“I wish some of you would tell me the brand of whiskey that Grant drinks. I would like to send a barrel of it to my other generals.”
– President Abraham Lincoln, when confronted about General Ulysses Grant’s excessive drinking.
Blood, gunfire, and whiskey: they are the three things that defined Civil War battlefields. In this fascinating, booze-drenched history of the war that almost tore America apart, historian Mark Will-Weber (author of Mint Juleps with Teddy Roosevelt) weaves together lighthearted stories of drunken generals and out-of-control soldiers with the gritty reality of battlefields where whiskey was the only medicine-and sometimes the only food.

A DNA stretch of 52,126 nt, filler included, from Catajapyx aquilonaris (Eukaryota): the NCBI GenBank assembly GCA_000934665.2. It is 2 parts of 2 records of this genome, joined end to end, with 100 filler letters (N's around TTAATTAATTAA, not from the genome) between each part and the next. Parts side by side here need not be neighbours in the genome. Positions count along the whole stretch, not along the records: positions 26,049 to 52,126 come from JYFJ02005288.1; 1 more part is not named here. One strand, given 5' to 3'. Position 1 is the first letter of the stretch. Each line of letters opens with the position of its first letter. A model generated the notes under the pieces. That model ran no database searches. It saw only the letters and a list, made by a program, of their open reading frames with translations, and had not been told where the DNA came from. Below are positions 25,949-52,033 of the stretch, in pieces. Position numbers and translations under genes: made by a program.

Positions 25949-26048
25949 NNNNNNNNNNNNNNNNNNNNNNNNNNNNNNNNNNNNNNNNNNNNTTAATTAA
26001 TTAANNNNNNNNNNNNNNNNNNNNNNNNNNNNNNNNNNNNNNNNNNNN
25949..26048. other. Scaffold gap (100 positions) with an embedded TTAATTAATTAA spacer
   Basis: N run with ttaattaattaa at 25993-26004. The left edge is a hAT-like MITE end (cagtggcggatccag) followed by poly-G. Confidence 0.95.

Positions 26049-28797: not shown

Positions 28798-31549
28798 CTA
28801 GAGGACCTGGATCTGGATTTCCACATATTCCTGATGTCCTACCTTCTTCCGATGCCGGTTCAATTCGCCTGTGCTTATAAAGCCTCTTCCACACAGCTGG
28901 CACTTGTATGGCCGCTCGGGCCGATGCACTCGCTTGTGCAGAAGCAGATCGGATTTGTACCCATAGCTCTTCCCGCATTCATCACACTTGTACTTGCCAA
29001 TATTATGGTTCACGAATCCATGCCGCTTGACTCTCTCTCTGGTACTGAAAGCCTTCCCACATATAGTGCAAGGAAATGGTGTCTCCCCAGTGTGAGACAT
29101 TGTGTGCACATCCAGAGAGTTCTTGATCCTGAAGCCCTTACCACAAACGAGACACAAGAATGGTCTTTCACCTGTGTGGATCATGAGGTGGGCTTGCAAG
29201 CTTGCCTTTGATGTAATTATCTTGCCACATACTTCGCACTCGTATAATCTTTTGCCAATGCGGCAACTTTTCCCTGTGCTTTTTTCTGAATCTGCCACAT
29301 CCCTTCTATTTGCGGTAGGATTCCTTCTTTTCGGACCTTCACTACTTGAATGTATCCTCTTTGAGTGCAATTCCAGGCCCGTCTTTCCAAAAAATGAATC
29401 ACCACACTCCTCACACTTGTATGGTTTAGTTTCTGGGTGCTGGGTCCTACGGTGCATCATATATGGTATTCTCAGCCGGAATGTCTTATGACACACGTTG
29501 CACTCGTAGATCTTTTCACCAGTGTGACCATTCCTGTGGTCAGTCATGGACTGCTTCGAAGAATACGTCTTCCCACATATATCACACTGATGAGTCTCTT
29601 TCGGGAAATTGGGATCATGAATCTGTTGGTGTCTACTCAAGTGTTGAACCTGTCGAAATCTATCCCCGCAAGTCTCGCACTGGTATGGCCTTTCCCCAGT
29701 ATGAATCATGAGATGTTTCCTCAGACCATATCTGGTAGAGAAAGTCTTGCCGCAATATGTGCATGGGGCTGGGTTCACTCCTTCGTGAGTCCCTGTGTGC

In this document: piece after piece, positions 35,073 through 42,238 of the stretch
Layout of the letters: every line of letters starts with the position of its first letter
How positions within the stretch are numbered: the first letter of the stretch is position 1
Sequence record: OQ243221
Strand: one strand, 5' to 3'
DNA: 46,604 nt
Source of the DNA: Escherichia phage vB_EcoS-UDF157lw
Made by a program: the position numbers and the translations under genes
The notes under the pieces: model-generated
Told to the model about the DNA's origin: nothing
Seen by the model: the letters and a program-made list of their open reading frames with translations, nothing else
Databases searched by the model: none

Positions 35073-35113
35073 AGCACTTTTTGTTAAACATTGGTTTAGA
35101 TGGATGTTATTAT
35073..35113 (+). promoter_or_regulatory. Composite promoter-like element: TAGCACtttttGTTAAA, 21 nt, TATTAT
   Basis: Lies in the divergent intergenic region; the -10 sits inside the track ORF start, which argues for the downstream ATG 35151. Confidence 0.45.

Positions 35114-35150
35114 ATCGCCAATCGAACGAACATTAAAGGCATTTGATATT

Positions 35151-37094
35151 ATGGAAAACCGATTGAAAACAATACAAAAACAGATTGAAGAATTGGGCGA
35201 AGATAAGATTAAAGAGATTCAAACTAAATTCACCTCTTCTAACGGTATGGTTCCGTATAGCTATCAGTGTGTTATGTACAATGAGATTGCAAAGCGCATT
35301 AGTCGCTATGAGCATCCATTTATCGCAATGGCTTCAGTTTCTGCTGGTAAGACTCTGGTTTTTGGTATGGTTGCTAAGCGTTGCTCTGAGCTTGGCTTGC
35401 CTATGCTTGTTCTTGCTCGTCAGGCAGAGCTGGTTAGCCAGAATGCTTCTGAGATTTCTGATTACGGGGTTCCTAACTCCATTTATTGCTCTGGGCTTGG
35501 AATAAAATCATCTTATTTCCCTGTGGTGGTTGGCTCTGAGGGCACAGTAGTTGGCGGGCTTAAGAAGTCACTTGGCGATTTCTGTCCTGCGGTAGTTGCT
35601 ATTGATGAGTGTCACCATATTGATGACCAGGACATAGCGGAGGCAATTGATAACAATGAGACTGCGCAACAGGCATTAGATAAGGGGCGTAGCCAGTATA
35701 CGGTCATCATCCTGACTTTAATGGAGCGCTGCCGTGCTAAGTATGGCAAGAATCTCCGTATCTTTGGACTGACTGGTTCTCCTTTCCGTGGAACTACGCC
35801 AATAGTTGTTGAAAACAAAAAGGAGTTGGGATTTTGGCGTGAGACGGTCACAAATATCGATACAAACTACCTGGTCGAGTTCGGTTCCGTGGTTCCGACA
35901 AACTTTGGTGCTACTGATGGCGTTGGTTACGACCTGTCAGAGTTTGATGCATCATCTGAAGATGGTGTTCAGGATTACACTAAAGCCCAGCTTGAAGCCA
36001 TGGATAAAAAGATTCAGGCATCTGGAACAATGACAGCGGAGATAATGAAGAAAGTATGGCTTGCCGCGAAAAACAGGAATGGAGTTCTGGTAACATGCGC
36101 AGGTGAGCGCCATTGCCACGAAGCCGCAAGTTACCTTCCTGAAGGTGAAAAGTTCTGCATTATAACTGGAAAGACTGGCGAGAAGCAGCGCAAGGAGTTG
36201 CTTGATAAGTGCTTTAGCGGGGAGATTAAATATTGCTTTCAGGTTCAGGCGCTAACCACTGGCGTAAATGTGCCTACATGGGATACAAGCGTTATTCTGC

Muskets and Applejack paints a full, complex picture of the surprisingly large role alcohol played in the Civil War: how it helped heal physical and emotional wounds, form friendships, and cause strife. Interspersed between stories from the battlefield are authentic recipes of soldiers’ favorite drinks-from both sides of the Mason-Dixon line.